By Bob Hertzel
For the Times West Virginian
The words were harsh, as harsh as I’ve heard out of a coach talking about his team or a player on it, and I have been there to listen to the best of them.
I sat there in baseball clubhouses with Baltimore Orioles’ banty Hall of Fame manger Earl Weaver as the curse words outnumbered the hyphens in the compound subjects and adjectives that rolled so easily from his lips, and I’ve sat there with Pittsburgh Pirates manager Jim Leyland as he vented about everything from Barry Bonds to the state of umpiring in America, the length and strength of the lecture counted in the number of cigarettes Leyland would light during his tirade.
Bob Huggins was far less vulgar than either of the major league managers, but then again he wasn’t sitting in a cubby hole just off the clubhouse where the players could hear. In truth, only a couple of X-rated words slipped into his fireside chat with the sporting press after losing to Marquette by a single point on Friday night, and he even had enough self-control that at one point he spoke of running “the absolute you-know-what out of them” for their lack of toughness and commitment.
He spoke to the media without raising his voice, which one suspects was a far different approach than he used when saying similar things to his players, but as he spoke his voice dripped of emotion, his words being a window into his competitive nature and the love he has for the team and the game of basketball when played right.
“This is as frustrated as I’ve been since my first year at Walsh College when I went home and asked my wife, ‘Do you think I can sell insurance? Because I can’t do this,’” he said. “I can’t lose like this. It eats me up. I can’t do it. These guys, it doesn’t seem to bother them much.”
Losing a game ... no, losing another game wasn’t what had turned his stomach into a bubbling caldron. He’d lost games before, certainly tougher games than this one ... can you say Jarrod West?
The key to the phrase was the last sentence, the one that read, “These guys, it doesn’t seem to bother them much.”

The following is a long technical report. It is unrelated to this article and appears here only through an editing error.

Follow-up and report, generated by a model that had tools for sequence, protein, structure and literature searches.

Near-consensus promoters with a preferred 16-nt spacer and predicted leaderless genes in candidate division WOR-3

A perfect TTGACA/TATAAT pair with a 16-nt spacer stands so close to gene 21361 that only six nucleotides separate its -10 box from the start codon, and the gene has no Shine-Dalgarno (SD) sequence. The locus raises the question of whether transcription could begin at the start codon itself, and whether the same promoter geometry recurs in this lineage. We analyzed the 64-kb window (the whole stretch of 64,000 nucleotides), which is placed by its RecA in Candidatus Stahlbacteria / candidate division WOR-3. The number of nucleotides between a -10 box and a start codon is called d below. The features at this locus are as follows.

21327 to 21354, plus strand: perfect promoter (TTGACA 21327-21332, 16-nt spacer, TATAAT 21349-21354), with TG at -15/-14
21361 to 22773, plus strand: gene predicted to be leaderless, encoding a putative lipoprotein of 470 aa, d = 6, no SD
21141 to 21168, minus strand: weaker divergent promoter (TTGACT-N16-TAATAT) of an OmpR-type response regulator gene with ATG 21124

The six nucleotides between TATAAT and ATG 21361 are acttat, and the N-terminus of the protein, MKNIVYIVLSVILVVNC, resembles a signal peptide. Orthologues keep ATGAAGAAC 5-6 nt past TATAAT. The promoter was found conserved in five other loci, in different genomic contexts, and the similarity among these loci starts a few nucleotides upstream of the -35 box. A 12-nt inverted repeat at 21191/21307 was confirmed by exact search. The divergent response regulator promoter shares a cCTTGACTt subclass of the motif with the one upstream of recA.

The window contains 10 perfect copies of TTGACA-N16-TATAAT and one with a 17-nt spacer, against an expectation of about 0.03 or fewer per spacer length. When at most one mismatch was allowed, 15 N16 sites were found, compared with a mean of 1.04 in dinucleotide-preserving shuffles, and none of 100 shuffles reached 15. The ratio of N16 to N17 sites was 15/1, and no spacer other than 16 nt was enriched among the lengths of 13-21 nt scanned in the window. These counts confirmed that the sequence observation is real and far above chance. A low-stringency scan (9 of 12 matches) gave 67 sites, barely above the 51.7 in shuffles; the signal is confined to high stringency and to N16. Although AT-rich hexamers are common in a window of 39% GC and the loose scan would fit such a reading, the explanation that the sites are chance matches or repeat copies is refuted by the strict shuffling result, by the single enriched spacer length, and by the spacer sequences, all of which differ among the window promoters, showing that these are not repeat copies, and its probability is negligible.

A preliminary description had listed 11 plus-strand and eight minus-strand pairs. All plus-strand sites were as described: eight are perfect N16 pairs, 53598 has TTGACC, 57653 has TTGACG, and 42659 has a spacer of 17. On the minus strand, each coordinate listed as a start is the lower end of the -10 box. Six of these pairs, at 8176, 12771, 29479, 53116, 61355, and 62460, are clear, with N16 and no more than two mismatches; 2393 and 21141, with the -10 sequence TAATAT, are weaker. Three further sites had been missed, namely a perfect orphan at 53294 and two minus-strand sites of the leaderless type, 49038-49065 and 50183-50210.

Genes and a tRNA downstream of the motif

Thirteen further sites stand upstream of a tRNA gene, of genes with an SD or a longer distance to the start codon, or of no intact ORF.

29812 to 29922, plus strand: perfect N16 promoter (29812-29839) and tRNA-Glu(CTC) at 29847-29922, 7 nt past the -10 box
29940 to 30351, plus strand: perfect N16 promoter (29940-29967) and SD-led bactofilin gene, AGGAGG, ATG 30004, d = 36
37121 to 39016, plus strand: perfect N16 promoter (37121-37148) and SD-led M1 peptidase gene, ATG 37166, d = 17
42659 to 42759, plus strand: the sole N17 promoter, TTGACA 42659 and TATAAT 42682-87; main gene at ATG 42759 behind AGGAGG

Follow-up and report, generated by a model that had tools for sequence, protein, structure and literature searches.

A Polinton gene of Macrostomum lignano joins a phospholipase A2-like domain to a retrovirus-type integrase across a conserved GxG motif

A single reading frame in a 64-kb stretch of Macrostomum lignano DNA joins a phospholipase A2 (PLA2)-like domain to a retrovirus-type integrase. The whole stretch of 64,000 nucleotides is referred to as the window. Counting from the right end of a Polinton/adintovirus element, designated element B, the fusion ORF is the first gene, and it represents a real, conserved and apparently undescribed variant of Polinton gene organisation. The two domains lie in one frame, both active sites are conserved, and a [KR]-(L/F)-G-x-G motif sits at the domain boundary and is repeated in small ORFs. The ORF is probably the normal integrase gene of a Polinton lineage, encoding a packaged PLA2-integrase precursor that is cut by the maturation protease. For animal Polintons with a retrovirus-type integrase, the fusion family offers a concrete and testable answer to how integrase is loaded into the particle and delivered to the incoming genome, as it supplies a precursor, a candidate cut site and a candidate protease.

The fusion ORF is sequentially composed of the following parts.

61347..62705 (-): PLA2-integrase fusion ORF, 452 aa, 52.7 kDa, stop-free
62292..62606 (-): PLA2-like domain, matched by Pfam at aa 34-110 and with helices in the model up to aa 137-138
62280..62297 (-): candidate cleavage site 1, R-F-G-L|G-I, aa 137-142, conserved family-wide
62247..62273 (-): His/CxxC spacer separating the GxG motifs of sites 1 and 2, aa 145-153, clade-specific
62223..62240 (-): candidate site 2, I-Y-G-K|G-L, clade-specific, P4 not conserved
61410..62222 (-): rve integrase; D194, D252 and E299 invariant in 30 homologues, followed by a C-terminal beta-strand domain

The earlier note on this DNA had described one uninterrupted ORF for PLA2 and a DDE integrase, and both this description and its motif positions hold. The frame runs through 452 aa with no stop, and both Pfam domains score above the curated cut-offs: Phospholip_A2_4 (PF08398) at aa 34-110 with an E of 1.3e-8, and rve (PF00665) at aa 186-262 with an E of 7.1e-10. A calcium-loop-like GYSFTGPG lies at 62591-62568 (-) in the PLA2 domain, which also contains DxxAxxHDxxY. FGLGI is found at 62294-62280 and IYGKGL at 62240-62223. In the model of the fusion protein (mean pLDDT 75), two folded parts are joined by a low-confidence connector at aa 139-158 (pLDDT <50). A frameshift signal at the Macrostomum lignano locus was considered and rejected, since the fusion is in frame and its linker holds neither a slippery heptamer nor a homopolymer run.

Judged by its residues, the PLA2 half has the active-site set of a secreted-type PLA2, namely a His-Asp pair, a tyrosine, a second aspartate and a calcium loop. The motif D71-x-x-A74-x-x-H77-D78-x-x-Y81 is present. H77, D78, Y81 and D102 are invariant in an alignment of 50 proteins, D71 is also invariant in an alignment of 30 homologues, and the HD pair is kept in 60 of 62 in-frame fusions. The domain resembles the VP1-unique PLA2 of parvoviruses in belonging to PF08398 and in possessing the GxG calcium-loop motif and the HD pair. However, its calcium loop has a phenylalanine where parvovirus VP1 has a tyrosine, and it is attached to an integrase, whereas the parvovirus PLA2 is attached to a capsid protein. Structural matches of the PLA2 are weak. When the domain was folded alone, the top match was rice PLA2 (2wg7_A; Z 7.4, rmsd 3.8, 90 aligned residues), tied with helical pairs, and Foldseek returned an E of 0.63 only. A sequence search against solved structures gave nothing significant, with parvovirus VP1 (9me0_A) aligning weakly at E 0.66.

The man had it, not with missed open jump shots or turnovers, although there isn’t a coach on Earth who doesn’t flinch when each one happens. He’d had it with attitude, with an acceptance of defeat, a rejection of what has always been the trademark symbol of Bob Huggins-coached teams, that being from the opening tip to the final buzzer his team immerses 100 percent of themselves into the goal of winning.
“I’ve been doing this 30 years, man, and people who have seen my teams play, we never got outmanned like we got outmanned (Friday). We never got outmanned. Never!”
He’d spent the entire season trying to shape this freshman-heavy team into the kind of team that would make a run into the tournament season. He brought them along slowly, showed patience early, but the kids just wouldn’t catch on.
It reached the point that he would hold nothing back, reaching deeply into his vocabulary to
come up with a word with as strong a connotation as I have ever heard a coach or manager use in describing one of his players — coward.
“I’ve never had a guy get out of the way and not take a charge. I’ve never had that,” Huggins began. “I don’t get it, man. I just don’t.
“I despise cowards,” he continued, repeating the term. “I despise cowards. Somebody who, somebody who has an opportunity to play at the highest level of major college basketball who’s afraid to step in front of a guy and take a charge?
“I mean, that’s, to me, that’s just, I can’t, I can’t fathom that. I can’t fathom accepting a scholarship and not, and not compete.”
His brain had to be racing as fast as his heart now, repeating words as they ran through his mind, not knowing what thought, what emotion would bubble up next.
This was hard to do, making this speech. It isn’t something you practice, not something you learn in classes such as “The Coaching of Basketball I or II.”
At some point during this soliloquy someone began a question about the players involved being freshmen.
Huggins would have no part of that excuse.
“They suck,” he said.
The questioner persisted, asking if the defense had been the hardest transition for the young players.
“The hardest transition is that you have to play every day. You can’t take plays off. You can’t stand and stare at the ball. I mean, the reality is there’s a whole bunch of them that we ought to take the price of the season tickets out of their scholarships because they’ve stood and watched the whole year,” Huggins answered.
“They never participated. They’ve never ...,” his voice trailed off, just as his team has done down the stretch of what has become a troubling basketball season.
Email Bob Hertzel at email@example.com. Follow on Twitter @bhertzel.